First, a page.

As with all cancer treatments, clinical trials have both benefits and risks. It is important to discuss possible benefits and risks with your doctor as well as with those close to you. Each patient may face different benefits and risks.

Possible benefits may include:

  • You may be among the first to receive a new treatment that is otherwise not available
  • If the new treatment works and you are receiving it, you may or may not be among the first to benefit
  • You will be closely followed by your doctor and the research team
  • If you are placed in the group that does not receive the new treatment, you will still receive the best standard of treatment available. This may be as good as the new treatment that is being studied
  • You have the chance to help scientists learn more about cancer and cancer treatments that will benefit future patients

Possible risks may include:

  • If you receive the new treatment it may not be better than the current standard of treatment
  • You may experience side effects of the new treatment
  • If you are in the group that receives the standard treatment, you may not do as well as the group that receives the new treatment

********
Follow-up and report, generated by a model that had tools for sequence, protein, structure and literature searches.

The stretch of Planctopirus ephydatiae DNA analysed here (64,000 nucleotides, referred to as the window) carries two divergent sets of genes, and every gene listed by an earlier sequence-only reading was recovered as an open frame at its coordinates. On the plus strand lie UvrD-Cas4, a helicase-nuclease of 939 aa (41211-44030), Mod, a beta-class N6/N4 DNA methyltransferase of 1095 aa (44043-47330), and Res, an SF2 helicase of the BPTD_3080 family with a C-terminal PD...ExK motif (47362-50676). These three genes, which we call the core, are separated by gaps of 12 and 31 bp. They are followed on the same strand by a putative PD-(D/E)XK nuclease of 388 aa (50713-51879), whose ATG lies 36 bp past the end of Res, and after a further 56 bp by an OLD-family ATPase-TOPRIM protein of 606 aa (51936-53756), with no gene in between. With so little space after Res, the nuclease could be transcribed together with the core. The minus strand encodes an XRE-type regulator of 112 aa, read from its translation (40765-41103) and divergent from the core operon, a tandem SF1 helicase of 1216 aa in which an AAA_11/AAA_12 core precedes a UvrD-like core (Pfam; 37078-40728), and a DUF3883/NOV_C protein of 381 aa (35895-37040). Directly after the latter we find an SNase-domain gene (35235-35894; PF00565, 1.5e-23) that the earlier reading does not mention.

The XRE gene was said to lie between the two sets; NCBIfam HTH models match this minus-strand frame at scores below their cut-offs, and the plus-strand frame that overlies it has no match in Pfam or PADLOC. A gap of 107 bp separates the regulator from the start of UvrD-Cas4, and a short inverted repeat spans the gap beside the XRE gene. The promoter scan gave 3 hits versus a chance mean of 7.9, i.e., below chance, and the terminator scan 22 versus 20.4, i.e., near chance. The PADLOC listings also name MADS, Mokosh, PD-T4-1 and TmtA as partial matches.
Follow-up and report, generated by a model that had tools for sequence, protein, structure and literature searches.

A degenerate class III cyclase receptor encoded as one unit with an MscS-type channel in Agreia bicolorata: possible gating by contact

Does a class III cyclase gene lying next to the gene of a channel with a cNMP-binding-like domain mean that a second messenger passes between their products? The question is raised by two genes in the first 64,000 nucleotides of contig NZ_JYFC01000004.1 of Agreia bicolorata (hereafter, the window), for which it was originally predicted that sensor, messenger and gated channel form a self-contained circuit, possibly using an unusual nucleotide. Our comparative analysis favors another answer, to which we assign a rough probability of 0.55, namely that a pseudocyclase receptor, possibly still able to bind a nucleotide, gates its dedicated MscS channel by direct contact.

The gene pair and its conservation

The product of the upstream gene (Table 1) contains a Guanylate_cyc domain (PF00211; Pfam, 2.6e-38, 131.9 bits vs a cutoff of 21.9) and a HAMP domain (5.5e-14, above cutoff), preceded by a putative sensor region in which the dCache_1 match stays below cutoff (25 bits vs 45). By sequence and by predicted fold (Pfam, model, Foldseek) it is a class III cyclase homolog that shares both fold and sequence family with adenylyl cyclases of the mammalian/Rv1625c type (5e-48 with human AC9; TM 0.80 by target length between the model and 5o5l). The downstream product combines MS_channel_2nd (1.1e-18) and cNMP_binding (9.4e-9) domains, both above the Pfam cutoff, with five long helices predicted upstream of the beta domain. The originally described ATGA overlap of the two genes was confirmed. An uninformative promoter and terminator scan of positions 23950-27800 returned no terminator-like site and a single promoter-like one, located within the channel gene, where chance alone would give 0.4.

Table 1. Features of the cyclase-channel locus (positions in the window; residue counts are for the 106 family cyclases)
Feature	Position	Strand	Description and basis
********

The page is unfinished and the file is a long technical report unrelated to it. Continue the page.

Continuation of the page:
• The new treatment may work for other patients but not for you
  • You may be required to attend additional appointments, take additional medications and have additional tests

Your safety and rights as a patient on a clinical trial

It is important to feel that your health, safety and privacy are protected when you participate in a clinical trial. It is also important to know that you have rights when participating in a clinical trial. Some of these are outlined below.

How you’re protected

To protect participants, clinical trials must follow strict rules and meet high standards. These include approval and ongoing monitoring of the trial by:

  • Research Ethics Boards
  • International Conference on Harmonization Good Clinical Practice Guidelines
  • Sunnybrook Policies and Procedures
  • Regulatory Boards, such as Health Canada and the US Food and Drug Administration when appropriate

Trial protocol

The trial protocol is a written document that acts as the plan for the trial. It includes all of the information required for research staff to carry out the trial. It will include information about:

  • The reason why the trial is being done
  • Who can participate in the trial
  • How many people are required to participate
  • What treatments participants will receive, including doses and how often